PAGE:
Mary is now with child, awaiting birth, and Joseph is full of expectancy as he enters the city of his own family. He searched for a place for the birth of him to whom heaven and earth belonged. Could it be that the Creator would not find room in his own creation?
Certainly, thought Joseph, there would be room in the village inn. There was room for the rich; there was room for those who were clothed in soft garments. . . . But when finally the scrolls of history are completed down to the last word of time, the saddest lines of all will be: There was no room in the inn.” No room in the inn, but there was room in the stable. The inn was the gathering place of public opinion, the focal point of the world’s moods, the rendezvous of the worldly, the rallying place of the popular and the successful. But there’s no room in the place where the world gathers. The stable is a place for outcasts, the ignored and the forgotten. The world might have expected the Son of God to be born in an inn; a stable would certainly be the last place in the world where one would look for him. The lesson is: divinity is always where you least expect to find it. So the Son of God-Made-Man is invited to enter into his own world through a back door.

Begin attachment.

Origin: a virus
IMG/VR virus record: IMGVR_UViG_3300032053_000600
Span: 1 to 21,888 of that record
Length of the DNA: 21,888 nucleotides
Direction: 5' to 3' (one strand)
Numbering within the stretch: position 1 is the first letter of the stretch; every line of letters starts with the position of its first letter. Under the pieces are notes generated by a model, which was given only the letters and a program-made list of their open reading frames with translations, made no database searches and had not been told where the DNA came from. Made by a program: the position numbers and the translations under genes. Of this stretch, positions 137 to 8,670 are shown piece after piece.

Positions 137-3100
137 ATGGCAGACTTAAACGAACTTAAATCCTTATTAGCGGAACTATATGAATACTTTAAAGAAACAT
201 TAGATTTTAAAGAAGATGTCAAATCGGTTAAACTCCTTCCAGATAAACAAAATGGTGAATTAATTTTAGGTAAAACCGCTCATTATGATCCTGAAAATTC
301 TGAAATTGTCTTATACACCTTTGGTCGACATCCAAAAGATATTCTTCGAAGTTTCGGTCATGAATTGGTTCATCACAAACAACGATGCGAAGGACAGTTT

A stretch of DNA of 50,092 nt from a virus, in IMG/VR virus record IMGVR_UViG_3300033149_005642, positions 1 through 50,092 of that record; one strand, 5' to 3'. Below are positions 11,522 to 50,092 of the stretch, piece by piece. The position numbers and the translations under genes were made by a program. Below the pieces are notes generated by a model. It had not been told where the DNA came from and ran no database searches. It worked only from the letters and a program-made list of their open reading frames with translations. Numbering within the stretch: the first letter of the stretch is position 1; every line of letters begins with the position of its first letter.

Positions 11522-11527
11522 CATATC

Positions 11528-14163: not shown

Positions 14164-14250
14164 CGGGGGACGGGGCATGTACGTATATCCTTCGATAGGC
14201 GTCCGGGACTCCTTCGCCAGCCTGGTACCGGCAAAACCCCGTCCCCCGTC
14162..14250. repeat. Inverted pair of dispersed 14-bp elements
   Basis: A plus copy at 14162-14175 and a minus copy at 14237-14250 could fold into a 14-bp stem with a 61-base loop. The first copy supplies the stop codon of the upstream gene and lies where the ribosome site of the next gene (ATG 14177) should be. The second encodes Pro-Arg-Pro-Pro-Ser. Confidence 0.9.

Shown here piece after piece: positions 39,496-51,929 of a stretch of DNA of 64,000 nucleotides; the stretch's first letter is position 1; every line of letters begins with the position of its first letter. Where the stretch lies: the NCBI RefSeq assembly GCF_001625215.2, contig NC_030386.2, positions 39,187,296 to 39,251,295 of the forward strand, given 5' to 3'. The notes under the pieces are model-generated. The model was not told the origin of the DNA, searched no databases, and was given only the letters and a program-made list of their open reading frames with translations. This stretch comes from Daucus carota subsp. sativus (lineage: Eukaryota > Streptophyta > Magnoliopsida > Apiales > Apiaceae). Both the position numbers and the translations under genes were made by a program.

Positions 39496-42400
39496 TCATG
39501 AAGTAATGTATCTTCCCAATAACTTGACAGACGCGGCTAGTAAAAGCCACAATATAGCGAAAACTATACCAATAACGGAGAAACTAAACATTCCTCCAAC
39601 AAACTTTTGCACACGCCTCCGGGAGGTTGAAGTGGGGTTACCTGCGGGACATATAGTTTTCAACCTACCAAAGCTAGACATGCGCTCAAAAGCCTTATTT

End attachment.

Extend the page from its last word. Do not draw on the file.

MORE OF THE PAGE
Wednesday, December 24, 2008
No Room in the Inn
From Fulton J. Sheen: